The Great Bear Rainforest Agreement

🕔Jun 07, 2006

Most British Columbians are used to hearing that the province’s richly forested north and central coasts constitute the largest intact temperate rainforest on the planet.

Being so close by, it’s easy to take for granted the dynamic ecosystem of big trees, wild salmon, great bears, wolves, whales and eagles. And that it continues to be home to vibrant indigenous communities that have depended on those resources for thousands of years.

So it may have come as a surprise when the BC government drew world attention in February by announcing that it would legislate protection of more than a hundred new protected areas encompassing two million hectares of coastal rainforest.

In a New York Times article, which was one of over a thousand such international media stories, Premier Gordon Campbell declared, “there’s a new era dawning in British Columbia! You have to establish what you value, and work together. This collaboration is something we have to take into the future, and it is something the world can learn from.”

The “collaboration” the Premier referred to was the evolution of the Great Bear Rainforest campaign —the focus of global controversy, environmental protest and widespread international media interest since 1995.

ForestEthics, Greenpeace, Rainforest Action Network and the Sierra Club of Canada came together to target destructive logging. The groups’ efforts culminated in critical pressure from forest products customers: over 80 companies, including Ikea, Home Depot, Staples and IBM, agreed to stop selling wood and paper products made from ancient forests.

This marketplace pressure drove logging companies to sit down and negotiate. They agreed at the outset that key valleys in the rainforest would be protected from logging while further discussions took place. In these, the main goals were to protect the most important areas, change logging practices, and support a sustainable future for local communities.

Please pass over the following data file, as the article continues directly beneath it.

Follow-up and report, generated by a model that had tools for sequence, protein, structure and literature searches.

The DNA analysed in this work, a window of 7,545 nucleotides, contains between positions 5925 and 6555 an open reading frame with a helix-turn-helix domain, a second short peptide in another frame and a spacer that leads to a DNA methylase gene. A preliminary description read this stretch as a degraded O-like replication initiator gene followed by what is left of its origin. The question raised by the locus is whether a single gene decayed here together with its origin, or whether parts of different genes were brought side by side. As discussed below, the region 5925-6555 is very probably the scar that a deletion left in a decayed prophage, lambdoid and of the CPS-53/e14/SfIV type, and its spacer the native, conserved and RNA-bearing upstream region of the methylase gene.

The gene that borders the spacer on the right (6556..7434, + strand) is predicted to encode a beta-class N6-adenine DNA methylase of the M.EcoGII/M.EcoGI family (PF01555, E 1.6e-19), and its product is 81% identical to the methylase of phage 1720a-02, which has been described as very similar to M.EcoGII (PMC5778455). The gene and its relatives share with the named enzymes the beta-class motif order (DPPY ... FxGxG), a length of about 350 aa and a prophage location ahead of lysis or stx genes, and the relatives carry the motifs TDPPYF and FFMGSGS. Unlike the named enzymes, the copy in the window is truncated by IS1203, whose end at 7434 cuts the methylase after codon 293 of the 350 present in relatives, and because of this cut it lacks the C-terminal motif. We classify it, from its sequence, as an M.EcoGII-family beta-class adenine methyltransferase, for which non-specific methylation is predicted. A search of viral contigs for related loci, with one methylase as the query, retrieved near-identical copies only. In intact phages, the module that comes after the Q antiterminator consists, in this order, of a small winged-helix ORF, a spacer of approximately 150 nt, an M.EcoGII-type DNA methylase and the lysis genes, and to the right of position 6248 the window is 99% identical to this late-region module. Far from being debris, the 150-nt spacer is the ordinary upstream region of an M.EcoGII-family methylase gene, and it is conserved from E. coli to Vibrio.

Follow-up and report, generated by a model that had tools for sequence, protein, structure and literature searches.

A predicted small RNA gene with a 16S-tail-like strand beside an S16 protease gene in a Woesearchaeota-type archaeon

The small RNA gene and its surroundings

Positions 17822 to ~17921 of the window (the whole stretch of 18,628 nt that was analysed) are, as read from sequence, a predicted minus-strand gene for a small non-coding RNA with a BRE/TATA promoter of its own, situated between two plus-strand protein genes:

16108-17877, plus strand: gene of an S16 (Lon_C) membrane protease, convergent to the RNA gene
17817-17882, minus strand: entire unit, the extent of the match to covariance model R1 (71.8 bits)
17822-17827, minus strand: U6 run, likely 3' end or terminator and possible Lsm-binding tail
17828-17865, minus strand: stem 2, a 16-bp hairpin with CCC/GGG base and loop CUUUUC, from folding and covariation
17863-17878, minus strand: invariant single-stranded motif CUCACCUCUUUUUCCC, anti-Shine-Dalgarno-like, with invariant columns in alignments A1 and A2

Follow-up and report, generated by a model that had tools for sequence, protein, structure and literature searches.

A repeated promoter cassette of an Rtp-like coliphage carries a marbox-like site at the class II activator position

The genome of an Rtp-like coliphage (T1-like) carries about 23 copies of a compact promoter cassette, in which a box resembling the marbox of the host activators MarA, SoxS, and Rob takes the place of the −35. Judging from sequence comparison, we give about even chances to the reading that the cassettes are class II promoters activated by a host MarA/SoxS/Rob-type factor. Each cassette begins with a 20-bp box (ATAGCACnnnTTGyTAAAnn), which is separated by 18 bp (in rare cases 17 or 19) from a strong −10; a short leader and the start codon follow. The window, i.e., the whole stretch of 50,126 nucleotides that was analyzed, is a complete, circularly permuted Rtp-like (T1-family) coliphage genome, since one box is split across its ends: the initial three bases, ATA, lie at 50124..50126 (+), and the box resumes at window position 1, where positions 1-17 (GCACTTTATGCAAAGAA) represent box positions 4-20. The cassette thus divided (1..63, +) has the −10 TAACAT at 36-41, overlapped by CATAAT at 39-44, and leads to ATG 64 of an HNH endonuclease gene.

What followed was thousands of hours of work by coastal community members and business interests, along with one of the most unexpected alliances in Canadian history. It included the Coast Information Team—a blue-ribbon science panel supported by provincial and First Nations governments, environmental groups and logging companies. Together they identified priorities for conservation and developed specific recommendations for an ecosystem-based approach to logging.

Meanwhile, more than a dozen First Nations along the coast were developing their own land use plans to protect key cultural, ecological and resource values in their traditional territories.

The conservation package announced by Premier Campbell followed a government-to-government process that attempted to harmonize First Nations land use plans with those negotiated at multi-stakeholder planning tables ( LRMPs, or Land and Resource Management Plans).

Many of the areas that will be preserved or sensitively logged have been chosen based on the oral tradition of Native groups and the opinions of their elders. “Now we can manage our destiny,” said Ross Wilson, chairman of the tribal council of the Heiltsuk, based largely in Bella Bella.

“Without this agreement, we would be going to court forever and we would have to put our children and old ladies, dressed in button blankets, in the way of the chainsaws,” he added, referring to the ceremonial dress worn in past protests.

Early in the negotiations the Heiltsuk, and other First Nations such as the Kitasoo of Klemtu and Gitga’at of Hartley Bay, made it clear that they would need support developing new economic and conservation stategies if ecological protection gains were to be maintained over the long term.

The conservation community responded to this challenge by raising more than $60 million from philanthropic sources, which has been partially matched by $30 million from the Province. This conservation financing initiative now awaits a similar commitment from the Canadian government to clear the way for a major investment in coastal First Nations communities.

From the environmental perspective, this agreement represents a revolution in the way we approach BC’s rainforests. We’ve developed a new, 21st-century model that combines conservation, new economic ventures and community involvement. The environmental sector will be working to make the agreements work, as well as watching to ensure that these announcement result in real change on the ground.

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Merran Smith, based in Smithers, BC, works with ForestEthics, one of the environmental groups which worked to create the coastal land use agreements for the Great Bear Rainforest. She has been involved in this issue for over a decade.